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Metformin for the Prevention of the Metabolic Side-effects of Zyprexa

This study has been completed.
Eli Lilly and Company
Information provided by (Responsible Party):
Jeffrey Rado, MD, Rush University Medical Center Identifier:
First received: May 20, 2008
Last updated: December 10, 2012
Last verified: December 2012
We hypothesize that metformin co-administered with olanzapine will be well tolerated and associated with significantly less insulin resistance, weight gain and dyslipidemia as compared to olanzapine plus placebo.

Condition Intervention Phase
Metabolic Complications Drug: Metformin Drug: Placebo Phase 4

Study Type: Interventional
Study Design: Allocation: Randomized
Intervention Model: Crossover Assignment
Masking: Double Blind (Participant, Care Provider, Investigator, Outcomes Assessor)
Primary Purpose: Prevention
Official Title: Metformin to Prevent the Metabolic Complications of Olanzapine

Resource links provided by NLM:

Further study details as provided by Jeffrey Rado, MD, Rush University Medical Center:

Primary Outcome Measures:
  • Weight Gain and Insulin Resistance [ Time Frame: 6 months ]

Secondary Outcome Measures:
  • Dislipidemia, OGTT, Hemoglobin A1C [ Time Frame: 6 months ]

Enrollment: 27
Study Start Date: August 2007
Study Completion Date: August 2011
Primary Completion Date: August 2011 (Final data collection date for primary outcome measure)
Arms Assigned Interventions
Active Comparator: 1
Olanzapine plus metformin: olanzapine plus metformin 500 mg titrated up to but no greater than 2,000 mg based upon fasting blood glucose during study visits over six months.
Drug: Metformin
Drug: Metformin 500 mg po daily titrated up to but no greater than 2000 mg based upon fasting blood glucose during study visits over six months.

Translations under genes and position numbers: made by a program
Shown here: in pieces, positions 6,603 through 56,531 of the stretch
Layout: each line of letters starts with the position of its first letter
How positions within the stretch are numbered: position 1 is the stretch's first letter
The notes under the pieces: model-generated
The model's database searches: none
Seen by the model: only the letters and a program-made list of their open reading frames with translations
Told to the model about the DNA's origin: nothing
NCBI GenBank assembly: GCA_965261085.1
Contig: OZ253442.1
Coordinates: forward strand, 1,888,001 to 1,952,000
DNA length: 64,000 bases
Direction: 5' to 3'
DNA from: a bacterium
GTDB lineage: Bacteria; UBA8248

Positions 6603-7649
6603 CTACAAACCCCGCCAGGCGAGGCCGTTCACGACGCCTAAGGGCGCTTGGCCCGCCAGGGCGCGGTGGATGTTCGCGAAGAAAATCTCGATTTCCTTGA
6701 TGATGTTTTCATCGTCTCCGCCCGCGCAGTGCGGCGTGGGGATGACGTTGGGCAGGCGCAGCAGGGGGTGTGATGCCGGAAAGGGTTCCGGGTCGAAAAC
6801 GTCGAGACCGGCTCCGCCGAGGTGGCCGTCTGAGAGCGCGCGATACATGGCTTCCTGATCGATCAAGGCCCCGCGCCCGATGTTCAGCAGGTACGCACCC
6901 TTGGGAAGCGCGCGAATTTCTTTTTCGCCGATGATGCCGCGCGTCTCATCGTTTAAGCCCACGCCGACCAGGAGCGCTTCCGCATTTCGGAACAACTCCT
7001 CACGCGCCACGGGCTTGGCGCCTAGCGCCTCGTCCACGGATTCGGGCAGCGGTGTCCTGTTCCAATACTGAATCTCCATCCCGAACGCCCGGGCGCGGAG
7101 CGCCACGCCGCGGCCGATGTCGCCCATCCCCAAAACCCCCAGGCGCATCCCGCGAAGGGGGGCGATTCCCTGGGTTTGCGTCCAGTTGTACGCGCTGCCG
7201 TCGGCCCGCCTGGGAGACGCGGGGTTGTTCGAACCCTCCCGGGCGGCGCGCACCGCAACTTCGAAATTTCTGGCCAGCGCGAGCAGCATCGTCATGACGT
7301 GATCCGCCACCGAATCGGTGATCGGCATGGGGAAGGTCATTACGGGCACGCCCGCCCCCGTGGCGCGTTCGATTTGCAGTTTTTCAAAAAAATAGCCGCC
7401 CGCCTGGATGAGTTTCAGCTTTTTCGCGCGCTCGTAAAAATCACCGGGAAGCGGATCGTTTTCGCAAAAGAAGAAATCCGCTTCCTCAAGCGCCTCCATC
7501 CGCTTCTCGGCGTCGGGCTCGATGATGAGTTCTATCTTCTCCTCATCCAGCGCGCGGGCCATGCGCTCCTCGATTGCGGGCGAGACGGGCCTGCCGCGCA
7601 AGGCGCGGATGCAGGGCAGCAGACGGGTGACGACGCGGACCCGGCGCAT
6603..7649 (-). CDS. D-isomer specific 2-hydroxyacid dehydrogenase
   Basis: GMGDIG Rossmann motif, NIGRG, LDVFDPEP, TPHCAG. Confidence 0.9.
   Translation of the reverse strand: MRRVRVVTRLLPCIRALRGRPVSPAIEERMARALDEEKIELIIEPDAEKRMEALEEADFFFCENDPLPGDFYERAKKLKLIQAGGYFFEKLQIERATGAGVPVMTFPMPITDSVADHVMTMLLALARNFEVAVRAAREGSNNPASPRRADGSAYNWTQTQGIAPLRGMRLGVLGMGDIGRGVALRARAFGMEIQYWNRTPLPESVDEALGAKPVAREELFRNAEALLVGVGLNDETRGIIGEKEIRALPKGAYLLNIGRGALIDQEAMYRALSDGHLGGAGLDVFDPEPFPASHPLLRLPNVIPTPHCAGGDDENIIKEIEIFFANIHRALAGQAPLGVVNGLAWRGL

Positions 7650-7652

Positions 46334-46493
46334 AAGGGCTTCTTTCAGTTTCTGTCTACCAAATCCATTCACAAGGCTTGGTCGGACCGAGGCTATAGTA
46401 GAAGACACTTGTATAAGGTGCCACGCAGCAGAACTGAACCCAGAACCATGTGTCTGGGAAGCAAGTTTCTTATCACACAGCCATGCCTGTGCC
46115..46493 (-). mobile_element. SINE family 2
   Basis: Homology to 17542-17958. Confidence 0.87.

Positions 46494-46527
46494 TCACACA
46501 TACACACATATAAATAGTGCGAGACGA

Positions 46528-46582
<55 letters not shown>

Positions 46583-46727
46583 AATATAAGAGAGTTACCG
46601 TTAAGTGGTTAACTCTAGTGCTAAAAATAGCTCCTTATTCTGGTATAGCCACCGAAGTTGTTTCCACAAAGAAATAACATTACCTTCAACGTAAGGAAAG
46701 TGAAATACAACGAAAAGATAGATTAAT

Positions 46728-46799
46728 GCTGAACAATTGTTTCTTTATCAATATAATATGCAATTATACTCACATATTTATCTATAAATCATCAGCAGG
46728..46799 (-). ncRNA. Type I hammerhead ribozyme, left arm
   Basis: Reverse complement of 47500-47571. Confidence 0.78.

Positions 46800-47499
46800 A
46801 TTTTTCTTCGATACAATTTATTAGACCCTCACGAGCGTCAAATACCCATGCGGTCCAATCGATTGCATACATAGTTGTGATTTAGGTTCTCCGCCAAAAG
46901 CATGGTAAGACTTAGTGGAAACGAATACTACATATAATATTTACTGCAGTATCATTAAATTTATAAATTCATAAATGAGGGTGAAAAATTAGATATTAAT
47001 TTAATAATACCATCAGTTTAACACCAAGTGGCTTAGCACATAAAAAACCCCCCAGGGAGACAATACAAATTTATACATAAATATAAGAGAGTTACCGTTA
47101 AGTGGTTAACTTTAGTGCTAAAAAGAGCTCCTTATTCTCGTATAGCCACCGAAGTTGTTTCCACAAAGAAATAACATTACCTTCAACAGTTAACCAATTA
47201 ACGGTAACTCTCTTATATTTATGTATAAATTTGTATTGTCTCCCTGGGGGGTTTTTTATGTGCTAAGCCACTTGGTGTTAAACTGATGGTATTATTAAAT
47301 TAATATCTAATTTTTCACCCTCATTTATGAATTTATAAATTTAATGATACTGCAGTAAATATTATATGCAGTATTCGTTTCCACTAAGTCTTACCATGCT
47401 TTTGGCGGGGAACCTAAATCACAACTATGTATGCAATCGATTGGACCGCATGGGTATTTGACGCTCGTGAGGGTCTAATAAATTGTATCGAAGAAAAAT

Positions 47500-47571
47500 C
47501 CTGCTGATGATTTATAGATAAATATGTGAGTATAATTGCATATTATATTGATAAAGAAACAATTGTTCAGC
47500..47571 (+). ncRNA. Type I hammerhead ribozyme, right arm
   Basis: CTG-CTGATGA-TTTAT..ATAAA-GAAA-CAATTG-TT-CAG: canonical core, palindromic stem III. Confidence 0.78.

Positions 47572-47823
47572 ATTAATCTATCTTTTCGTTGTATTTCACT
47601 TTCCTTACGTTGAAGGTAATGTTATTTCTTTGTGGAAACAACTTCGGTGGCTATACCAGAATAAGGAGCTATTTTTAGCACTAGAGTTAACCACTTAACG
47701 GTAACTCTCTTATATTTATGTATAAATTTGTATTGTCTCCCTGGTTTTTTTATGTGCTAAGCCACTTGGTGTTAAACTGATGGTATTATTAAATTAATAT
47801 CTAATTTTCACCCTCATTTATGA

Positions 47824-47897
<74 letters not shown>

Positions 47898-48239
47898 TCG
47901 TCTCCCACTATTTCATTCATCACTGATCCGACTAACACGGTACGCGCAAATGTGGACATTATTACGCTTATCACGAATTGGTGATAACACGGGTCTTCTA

Other Names:
  • Glucophage
  • Fortamet
  • Riomet
  • Glumetza
  • Diabex
  • Diaformin
Placebo Comparator: 2
Olanzapine plus Drug: Placebo. Subjects will remain on olanzapine plus placebo for 6 months.
Drug: Placebo
Drug: Placebo. Subjects will remain on placebo for 6 months.

Detailed Description:
Increased risk of metabolic complications with olanzapine therapy, relative to other antipsychotics, may lead clinicians to avoid its use, despite evidence of greater efficacy. These problems may also pose a therapeutic dilemma for patients who respond well to olanzapine. Metabolic complications negatively impact on morbidity and mortality, impair quality of life and increase illness relapse secondary to medication non-compliance. Thus far, no pharmacologic agent co-administered with olanzapine has proven effective at preventing these untoward effects. The present study proposes to examine the efficacy and safety of metformin to attenuate the metabolic side effects associated with olanzapine.

Ages Eligible for Study:   18 Years and older   (Adult, Senior)
Sexes Eligible for Study:   All
Accepts Healthy Volunteers:   No

Inclusion Criteria: